Vast oil and gas reserves help to warm relations with Libya  

Posted by Big Gav in

I've occasionally wondered how much oil and Libya has (see here and here) - The Times has an article considering how much oil remains undiscovered under the Saharan sands - Vast oil and gas reserves help to warm relations with Libya

At 42 billion barrels, Libya has the largest proven oil reserves of any African country — equal to about 3 per cent of the global total. Its gas reserves are some 1.5 trillion cubic metres, the fourth-largest in Africa.

But Libya remains relatively unexplored, and the potential for fresh discoveries means that the true total could be far higher. That is why Libya’s return to the international fold has triggered a scramble for drilling rights among international oil companies.

Three of Britain’s biggest — BP, Royal Dutch Shell and BG — have already signed preliminary deals to provide cash and expertise to develop Libya’s investment-starved oil and gas industry. Shell signed in 2004, only months after Libya publicly abandoned plans to develop weapons of mass destruction, and the UN Security Council voted unanimously to lift sanctions.

BP’s much bigger deal, worth an estimated $900 million, was announced in 2007 during a visit by Tony Blair, then Prime Minister, to Tripoli. The company, which withdrew from Libya in 1974 when the country nationalised its oil industry, will explore 54,000sq km — at the onshore Ghadames and offshore Sirte basins.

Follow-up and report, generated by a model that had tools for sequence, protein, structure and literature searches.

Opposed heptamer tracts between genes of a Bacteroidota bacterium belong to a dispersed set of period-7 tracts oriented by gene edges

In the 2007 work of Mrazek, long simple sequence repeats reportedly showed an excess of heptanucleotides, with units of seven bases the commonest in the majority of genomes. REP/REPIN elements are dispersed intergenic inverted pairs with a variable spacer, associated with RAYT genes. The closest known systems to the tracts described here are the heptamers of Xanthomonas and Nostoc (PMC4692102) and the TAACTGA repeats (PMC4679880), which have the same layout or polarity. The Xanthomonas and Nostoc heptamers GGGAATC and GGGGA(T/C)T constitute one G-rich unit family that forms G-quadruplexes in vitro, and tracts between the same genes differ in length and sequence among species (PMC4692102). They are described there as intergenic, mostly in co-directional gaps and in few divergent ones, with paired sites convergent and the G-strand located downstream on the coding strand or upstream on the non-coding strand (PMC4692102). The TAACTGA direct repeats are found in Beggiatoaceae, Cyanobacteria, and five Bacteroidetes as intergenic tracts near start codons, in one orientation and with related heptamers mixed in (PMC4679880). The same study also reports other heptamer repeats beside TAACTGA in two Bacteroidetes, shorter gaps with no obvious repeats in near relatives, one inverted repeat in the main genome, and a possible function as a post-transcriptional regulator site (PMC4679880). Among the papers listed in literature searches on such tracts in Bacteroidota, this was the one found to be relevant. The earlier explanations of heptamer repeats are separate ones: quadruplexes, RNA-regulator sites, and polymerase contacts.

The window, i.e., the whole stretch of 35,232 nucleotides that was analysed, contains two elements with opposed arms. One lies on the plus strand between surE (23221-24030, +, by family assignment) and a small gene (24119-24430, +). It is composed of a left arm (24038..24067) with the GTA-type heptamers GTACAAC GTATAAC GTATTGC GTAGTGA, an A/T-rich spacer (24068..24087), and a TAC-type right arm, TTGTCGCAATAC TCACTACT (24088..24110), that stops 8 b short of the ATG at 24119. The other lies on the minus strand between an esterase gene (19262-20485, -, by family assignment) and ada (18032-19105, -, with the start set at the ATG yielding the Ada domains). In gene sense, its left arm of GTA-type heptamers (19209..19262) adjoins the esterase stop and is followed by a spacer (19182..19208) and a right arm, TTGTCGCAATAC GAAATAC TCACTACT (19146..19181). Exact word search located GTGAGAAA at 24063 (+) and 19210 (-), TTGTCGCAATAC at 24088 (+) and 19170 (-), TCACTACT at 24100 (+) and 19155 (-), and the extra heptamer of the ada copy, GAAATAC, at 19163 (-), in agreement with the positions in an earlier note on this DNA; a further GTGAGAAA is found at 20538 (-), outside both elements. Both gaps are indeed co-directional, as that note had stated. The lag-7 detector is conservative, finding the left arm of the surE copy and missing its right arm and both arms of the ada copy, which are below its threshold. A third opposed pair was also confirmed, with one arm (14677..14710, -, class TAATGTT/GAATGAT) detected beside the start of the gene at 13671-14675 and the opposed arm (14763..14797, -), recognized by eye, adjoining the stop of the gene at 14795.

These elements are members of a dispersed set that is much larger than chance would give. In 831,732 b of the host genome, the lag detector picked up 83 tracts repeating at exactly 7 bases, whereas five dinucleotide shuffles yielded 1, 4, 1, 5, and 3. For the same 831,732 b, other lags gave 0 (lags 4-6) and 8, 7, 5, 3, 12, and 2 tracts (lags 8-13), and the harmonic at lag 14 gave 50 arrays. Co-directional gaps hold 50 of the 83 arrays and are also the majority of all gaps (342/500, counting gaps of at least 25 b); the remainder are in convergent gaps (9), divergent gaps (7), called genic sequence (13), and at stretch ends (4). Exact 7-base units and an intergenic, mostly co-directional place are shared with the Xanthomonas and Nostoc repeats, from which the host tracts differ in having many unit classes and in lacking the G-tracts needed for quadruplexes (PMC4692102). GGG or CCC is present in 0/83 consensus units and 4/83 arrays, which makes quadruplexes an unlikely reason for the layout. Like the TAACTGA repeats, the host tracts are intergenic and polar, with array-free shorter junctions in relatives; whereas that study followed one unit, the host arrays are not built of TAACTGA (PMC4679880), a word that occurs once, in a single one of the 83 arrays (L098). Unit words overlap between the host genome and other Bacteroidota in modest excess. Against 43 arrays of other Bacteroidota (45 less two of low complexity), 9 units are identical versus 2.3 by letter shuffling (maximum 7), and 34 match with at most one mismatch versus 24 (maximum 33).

British companies are competing against a host of rivals including Total, of France, the American ConocoPhillips, China National Petroleum Corp and Gazprom, the Russian state-controlled producer.

The British Government also has a strong vested interest in the programme. With North Sea gas running out fast, it hopes that Libya could become an alternative to Russia as a source of supply. By 2015, Britain could be importing as much as 80 per cent of its gas needs, up from 40 per cent now.

Exploration work in Libya in the 1960s identified at least ten fields each with more than a billion barrels of oil. Modern techniques could uncover more, and vast areas of the Libyan Sahara remain unexplored. Exploration licences cover only one third of the country. A spokesman for BP said that — if its exploration programmes offshore and in the country’s west are successful — it could invest $20 billion or more over the next 20 years building refineries, pipelines, petrochemical and liquefied natural gas plants to allow exports to the UK and elsewhere.

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